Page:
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Studying Semi-Regular Light Variations & Pulsation Periods of Betelgeuse from ~180 years of Photometry: Implications for Evolutionary Changes and for the 2020 Great Dimming

Presentation #141.06 in the session “Stellar Rotation, Variability, and Flares”.

Published onJan 11, 2021
Studying Semi-Regular Light Variations & Pulsation Periods of Betelgeuse from ~180 years of Photometry: Implications for Evolutionary Changes and for the 2020 Great Dimming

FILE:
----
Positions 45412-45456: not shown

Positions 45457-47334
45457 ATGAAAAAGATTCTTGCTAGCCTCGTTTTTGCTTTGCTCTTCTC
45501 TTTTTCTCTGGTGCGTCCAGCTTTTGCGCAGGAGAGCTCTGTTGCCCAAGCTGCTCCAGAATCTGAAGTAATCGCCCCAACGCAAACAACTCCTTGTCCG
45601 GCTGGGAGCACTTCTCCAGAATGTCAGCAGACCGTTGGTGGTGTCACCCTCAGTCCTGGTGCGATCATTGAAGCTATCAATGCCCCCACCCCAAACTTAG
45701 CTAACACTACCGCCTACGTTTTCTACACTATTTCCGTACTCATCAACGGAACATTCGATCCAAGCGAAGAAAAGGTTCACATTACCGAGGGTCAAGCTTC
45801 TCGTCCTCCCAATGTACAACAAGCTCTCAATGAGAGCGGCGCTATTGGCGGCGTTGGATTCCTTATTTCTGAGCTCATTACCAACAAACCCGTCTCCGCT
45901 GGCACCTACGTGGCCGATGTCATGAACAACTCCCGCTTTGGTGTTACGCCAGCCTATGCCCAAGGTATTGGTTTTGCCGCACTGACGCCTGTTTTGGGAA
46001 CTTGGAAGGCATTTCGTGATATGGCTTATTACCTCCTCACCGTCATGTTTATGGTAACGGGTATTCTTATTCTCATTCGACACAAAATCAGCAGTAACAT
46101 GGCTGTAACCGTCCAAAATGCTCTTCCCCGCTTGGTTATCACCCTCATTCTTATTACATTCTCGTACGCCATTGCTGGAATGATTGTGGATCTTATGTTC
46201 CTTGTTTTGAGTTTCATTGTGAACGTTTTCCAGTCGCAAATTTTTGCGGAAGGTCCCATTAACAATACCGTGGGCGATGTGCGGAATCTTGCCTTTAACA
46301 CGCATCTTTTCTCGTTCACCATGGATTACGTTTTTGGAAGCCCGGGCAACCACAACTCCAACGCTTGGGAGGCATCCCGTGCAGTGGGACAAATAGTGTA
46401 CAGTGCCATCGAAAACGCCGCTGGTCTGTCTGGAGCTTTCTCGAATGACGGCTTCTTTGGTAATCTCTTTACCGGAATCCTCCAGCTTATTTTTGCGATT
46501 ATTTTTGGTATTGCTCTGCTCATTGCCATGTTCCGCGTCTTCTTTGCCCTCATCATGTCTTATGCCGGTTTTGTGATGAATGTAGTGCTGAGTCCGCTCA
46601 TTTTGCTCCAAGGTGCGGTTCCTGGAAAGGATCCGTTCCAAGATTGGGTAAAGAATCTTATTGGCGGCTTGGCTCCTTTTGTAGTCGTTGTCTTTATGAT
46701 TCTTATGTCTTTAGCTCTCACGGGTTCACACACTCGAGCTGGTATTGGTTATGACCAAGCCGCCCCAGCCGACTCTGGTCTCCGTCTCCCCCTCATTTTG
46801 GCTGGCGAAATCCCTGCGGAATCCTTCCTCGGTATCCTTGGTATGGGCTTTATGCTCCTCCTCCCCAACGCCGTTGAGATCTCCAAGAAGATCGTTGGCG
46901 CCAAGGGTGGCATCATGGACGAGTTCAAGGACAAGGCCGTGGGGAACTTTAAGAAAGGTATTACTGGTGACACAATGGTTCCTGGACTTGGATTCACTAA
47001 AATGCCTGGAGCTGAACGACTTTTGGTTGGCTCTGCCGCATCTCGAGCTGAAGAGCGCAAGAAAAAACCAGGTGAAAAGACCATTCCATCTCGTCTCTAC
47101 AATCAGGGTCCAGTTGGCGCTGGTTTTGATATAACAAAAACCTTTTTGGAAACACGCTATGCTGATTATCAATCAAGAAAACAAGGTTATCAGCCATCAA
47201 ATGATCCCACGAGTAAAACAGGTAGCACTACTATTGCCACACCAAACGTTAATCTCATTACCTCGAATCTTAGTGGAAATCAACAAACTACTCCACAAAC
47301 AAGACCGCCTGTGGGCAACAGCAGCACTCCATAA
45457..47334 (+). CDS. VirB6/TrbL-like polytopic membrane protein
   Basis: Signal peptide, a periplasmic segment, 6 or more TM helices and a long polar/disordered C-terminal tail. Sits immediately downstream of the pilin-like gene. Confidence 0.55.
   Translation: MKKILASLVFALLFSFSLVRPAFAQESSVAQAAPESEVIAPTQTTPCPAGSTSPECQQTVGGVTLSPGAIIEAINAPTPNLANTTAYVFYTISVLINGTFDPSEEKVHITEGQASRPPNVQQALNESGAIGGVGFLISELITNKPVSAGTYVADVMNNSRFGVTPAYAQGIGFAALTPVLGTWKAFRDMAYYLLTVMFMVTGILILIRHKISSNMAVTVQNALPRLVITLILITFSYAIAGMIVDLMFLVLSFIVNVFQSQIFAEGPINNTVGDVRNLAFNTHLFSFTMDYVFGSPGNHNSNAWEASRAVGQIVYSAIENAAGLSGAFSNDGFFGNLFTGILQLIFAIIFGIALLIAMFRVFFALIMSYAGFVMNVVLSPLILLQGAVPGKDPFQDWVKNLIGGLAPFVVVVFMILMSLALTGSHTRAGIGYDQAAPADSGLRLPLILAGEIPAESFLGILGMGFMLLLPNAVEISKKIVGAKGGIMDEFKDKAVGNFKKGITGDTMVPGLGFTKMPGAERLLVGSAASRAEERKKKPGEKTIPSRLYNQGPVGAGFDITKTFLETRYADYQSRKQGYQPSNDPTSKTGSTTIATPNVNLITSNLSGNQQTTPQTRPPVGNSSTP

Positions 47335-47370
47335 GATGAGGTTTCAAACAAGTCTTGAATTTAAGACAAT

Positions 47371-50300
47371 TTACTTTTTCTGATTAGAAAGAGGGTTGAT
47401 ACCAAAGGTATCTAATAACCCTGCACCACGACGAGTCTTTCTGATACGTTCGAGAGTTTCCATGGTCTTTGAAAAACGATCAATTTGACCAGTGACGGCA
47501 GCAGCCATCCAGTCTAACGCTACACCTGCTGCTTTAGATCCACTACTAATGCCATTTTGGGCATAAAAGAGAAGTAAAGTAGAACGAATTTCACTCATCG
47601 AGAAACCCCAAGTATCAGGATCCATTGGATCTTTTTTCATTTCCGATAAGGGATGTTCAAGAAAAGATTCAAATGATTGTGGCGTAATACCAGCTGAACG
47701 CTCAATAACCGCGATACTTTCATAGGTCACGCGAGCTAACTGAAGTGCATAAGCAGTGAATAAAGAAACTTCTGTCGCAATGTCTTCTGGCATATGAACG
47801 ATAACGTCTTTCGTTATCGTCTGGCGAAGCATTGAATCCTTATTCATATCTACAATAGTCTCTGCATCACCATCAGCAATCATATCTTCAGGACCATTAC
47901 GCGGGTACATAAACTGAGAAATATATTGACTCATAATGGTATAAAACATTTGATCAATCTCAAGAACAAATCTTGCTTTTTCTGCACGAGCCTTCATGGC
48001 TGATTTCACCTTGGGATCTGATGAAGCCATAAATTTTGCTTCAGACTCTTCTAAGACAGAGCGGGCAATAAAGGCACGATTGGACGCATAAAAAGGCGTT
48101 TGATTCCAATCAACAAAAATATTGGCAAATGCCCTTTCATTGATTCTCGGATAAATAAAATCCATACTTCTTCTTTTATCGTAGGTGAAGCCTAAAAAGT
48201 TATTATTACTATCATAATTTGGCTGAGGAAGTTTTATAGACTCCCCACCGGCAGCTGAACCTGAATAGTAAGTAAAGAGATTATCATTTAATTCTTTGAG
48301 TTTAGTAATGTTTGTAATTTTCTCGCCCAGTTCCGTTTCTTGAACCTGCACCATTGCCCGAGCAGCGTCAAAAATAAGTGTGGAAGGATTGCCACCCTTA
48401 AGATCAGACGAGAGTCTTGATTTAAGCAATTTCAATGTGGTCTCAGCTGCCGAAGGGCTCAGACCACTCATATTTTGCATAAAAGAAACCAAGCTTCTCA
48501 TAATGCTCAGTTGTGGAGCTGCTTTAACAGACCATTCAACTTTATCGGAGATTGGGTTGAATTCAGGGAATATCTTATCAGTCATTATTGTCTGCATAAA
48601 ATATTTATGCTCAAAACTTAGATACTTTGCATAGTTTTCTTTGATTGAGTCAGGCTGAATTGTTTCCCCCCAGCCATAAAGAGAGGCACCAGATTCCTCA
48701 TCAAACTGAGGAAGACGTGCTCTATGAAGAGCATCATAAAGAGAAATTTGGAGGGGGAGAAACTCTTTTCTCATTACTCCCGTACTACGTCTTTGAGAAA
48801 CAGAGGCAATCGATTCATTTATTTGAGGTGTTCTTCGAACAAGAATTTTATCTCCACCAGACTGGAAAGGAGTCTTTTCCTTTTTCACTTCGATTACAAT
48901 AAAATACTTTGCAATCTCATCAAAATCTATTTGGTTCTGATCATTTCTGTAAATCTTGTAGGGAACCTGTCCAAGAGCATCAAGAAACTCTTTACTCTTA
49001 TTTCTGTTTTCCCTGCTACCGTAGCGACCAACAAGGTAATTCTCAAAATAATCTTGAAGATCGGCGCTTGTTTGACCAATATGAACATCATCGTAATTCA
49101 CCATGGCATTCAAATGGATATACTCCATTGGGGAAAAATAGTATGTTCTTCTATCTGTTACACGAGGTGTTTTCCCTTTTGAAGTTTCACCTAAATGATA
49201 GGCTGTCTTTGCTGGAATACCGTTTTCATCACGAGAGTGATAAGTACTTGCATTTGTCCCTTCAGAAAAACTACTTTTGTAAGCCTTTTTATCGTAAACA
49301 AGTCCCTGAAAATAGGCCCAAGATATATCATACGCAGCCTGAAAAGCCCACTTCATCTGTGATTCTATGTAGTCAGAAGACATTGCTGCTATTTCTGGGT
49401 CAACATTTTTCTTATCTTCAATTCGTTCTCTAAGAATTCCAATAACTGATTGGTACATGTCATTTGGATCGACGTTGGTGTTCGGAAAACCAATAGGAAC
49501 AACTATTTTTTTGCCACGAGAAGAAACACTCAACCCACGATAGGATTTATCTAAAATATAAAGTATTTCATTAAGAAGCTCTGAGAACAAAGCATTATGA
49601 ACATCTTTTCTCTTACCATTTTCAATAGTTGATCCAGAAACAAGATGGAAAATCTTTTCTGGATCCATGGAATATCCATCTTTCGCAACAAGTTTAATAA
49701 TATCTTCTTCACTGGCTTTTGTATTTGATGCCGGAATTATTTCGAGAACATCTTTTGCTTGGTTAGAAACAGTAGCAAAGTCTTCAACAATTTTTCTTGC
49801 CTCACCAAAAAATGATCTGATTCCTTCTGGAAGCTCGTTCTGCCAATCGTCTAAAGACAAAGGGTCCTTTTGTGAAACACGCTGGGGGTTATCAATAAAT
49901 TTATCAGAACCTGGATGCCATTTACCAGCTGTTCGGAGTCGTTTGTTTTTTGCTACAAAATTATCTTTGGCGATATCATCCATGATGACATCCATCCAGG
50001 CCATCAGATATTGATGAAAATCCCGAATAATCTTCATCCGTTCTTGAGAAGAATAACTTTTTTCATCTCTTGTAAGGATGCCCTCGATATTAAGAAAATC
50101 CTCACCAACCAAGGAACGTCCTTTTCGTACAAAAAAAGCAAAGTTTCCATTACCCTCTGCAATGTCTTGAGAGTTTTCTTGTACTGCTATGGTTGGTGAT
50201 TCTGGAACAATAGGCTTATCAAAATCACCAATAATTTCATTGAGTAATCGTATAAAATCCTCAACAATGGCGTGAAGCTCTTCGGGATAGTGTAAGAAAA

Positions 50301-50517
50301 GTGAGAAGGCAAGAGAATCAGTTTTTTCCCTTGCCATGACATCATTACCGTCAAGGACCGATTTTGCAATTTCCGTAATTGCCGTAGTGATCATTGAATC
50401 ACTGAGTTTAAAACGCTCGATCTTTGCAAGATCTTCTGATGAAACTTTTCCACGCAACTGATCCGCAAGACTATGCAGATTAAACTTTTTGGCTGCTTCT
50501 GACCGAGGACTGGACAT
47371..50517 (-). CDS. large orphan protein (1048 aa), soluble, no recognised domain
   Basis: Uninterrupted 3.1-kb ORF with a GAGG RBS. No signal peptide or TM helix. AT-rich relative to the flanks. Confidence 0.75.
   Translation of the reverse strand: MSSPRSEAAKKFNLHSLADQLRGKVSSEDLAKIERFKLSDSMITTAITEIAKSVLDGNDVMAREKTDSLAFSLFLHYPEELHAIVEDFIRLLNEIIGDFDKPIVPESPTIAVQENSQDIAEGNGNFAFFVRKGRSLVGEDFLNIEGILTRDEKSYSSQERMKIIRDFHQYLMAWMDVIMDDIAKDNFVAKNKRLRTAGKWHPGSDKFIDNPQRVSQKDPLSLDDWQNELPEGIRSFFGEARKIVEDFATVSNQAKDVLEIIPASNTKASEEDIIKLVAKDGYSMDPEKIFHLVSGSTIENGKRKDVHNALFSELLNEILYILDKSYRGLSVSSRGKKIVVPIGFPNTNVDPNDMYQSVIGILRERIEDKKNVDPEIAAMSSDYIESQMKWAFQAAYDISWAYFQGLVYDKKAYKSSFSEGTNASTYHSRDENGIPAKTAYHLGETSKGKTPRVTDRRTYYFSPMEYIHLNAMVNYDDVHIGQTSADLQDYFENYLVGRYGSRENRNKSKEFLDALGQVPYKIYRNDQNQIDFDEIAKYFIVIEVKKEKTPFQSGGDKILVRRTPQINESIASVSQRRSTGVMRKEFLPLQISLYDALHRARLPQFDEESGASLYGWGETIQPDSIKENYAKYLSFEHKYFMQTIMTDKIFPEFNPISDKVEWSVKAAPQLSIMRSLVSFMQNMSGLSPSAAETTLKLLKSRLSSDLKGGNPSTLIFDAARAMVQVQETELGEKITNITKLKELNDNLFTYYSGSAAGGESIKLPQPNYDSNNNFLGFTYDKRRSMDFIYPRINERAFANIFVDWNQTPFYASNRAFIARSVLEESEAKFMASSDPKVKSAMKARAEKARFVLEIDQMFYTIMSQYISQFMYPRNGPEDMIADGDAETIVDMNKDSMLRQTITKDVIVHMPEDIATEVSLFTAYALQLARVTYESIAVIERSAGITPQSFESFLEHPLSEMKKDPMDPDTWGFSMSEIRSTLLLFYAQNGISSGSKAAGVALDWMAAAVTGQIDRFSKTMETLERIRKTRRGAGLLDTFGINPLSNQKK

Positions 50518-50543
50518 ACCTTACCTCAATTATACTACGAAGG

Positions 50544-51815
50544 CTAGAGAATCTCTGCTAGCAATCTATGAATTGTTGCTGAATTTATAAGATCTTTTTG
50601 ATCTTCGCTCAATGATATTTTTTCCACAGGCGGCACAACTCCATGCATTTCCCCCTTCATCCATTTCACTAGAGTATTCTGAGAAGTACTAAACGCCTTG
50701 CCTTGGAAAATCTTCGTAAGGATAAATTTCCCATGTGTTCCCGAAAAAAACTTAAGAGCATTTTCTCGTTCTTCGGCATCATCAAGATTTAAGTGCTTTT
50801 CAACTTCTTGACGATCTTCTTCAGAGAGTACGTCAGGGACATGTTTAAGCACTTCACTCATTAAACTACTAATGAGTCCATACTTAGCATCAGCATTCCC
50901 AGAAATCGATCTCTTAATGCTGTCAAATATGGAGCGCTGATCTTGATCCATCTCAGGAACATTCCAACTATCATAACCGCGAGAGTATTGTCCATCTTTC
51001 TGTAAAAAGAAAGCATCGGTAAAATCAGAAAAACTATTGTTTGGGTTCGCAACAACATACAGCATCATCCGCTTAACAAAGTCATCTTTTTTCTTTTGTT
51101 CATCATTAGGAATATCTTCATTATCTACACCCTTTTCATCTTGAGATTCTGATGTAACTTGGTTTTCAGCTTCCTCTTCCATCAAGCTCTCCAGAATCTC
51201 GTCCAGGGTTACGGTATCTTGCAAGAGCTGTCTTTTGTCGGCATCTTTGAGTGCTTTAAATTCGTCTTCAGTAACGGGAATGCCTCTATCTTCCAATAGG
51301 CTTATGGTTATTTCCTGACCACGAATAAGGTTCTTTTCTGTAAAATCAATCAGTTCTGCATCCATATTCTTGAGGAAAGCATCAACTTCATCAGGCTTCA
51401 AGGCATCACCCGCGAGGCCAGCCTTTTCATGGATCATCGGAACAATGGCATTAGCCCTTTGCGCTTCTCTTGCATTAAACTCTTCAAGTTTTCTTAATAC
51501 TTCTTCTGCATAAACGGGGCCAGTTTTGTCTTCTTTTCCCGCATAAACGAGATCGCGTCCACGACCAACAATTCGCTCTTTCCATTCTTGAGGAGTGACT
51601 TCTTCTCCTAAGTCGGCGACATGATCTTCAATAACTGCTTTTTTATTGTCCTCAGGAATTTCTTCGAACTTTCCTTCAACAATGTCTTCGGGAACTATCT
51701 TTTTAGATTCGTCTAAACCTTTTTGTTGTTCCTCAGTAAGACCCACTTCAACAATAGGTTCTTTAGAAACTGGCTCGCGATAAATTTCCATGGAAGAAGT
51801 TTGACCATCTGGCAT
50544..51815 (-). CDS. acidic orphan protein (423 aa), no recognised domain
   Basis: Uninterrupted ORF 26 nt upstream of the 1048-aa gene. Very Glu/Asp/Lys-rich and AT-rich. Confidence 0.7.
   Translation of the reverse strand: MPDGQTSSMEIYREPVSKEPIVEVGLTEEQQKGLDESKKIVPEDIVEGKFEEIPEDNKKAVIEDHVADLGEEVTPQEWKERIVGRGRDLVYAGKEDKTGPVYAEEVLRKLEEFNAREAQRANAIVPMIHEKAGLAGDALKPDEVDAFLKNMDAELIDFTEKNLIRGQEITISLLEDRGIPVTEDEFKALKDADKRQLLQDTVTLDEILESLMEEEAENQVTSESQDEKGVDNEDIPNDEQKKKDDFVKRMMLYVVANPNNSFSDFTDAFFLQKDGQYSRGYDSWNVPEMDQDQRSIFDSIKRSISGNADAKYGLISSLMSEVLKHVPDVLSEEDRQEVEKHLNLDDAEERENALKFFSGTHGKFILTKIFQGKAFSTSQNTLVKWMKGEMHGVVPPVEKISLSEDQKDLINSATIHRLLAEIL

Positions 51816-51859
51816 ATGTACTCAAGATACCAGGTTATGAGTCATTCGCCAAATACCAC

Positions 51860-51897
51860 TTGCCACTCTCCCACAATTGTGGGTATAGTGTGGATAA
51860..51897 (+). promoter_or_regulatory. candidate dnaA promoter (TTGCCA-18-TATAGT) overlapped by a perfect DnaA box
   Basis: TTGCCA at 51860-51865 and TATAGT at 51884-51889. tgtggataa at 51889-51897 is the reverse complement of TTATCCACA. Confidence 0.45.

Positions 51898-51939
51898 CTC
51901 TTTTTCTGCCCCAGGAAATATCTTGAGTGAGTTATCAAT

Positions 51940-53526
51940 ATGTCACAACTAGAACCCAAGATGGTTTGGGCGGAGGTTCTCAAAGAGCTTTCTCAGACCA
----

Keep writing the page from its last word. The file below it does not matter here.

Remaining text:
Betelgeuse (Alpha Ori; M2-M4 Iab) is the brightest red supergiant and core-collapse supernova progenitor. Dolan et al. 2016 estimates that the star will become a SN II in <10 5 yrs and will be nearly as bright as the full moon. Betelgeuse underwent an unprecedented dimming, reaching V ~ +1.6 mag in Feb-2020 (Guinan et al. 2020). This notorious “Great Dimming” caught the attention of astronomers and the public as a possible harbinger of an impending supernova, but there was no such luck. This surprising behavior stimulated many studies using a wide variety of instruments & techniques covering X-ray to radio wavelengths (see Dupree et al. 2000; Harper et al. 2020, & refs. therein). We report the initial results of the analysis of ~180 yrs of photometry from its discovery in 1839 as semi-regular variable star by Sir John Herschel (1840; 1851). The CLEANest software Period Analysis Software (PERANSO) package (Vanmunster 2014) was primarily used to conduct period (frequency) analyses. The observations typically were binned into 20-40 yr intervals. The observations by Herschel, Argelander, Baxendell and others (Plummer (1911) & Stebbins (1928)) were analyzed. We also studied the visual observations from AAVSO starting in 1919, later adding photoelectric photometry. In addition, we analyzed photoelectric photometry from Wasatonic (1996-2020), including nine years (2003-11) of high-precision space-based SMEI photometry from Joyce et al. 2020. Similar to previous studies of only the AAVSO data (see Kiss et al. 2006), our analyses of all data back to 1837 also indicate two dominant periods of ~5.3–6.1 yrs & ~390-430 days but show a persistent periodicity of 190±18 days. (Joyce et al find P = 185±15d from the SMEI data). These periods are found in most of the data bins. There is evidence the long period P = 5.3 yr (1837–1884) & P = 6.1 yr (2000-2020) & perhaps the 420-d period are increasing. Interestingly our study indicates a possible additive confluence of the light minima from these three periods that occurs near the Great Dimming in February 2020 that may have contributed to the dimming. Upcoming photometry will test this.


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